Such contribution isn’t always easy, and doesn’t always go the way you wish it might. Naturally Trek hasn’t always been perfect. Crass reality has more than occasionally gotten in the way of the storytelling. Trek’s been jerked around by interoffice politics and all-too-human blindness and people besotted by money and power, and has been beset by plain old misunderstanding of the basic concept—exploration, discovery, diversity, delight in the different. Sometimes something goes wrong with the storytelling, and parts of the puzzle just don’t quite fit together, or look bad when viewed later. In the Star Trek universe as in the real one, entropy is running and no matter how you try, you can’t win ‘em all. But the times when Trek does get it right (in my opinion) far outnumber the times when it doesn’t, because the people working on it are aware that they have a certain level of excellence to match, and a well-established, much-loved vision to evoke and sustain.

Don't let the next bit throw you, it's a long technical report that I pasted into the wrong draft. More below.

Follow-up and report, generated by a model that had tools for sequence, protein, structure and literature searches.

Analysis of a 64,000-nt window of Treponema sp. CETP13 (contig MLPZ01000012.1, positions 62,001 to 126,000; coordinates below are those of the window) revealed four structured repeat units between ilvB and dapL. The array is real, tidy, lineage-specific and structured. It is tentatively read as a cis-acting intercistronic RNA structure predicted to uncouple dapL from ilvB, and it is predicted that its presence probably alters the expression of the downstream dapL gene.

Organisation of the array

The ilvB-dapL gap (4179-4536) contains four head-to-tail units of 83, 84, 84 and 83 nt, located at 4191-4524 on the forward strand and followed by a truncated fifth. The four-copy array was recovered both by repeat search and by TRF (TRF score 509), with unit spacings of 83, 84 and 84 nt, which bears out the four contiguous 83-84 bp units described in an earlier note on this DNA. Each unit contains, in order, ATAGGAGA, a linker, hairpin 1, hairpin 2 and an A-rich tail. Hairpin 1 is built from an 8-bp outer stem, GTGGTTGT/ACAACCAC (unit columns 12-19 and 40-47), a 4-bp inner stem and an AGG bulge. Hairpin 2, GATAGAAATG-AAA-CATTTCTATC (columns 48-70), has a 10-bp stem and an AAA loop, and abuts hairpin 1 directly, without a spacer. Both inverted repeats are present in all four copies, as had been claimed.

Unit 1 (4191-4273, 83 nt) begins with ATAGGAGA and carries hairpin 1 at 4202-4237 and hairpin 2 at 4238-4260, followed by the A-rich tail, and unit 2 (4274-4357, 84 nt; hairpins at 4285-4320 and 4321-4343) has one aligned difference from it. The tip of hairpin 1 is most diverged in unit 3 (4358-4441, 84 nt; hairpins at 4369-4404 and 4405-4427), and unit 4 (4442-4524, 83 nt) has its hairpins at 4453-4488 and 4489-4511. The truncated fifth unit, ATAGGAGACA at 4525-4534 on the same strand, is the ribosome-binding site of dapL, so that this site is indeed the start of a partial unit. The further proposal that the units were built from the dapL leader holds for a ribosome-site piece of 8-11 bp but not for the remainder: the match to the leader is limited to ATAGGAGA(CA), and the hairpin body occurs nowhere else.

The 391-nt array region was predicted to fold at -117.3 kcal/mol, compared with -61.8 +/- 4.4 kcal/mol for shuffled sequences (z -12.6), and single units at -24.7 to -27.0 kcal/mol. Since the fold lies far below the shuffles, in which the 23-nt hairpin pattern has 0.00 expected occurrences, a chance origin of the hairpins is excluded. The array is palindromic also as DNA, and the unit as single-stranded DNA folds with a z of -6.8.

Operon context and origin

In this regard, over the years I’ve been asked as often as anybody else working in this universe, “What is it that makes Trek so special, and why is this particular vision so evocative? Why does it appeal to people so?” There are a hundred possible answers, but mine is simple and clear. I’m a member of the last US generation that was asked to believe, as kids in school, that hiding under your desk would actually protect you in some way from a nuclear bomb. The aura of hopelessness and terror that hung over the Cold War period for many of us was powerfully opposed by what Star Trek seemed to be saying from the very beginning: that humanity would get through this, that we would get past it—and that human beings were, actually, better than this, if we would just allow ourselves to act as if we were.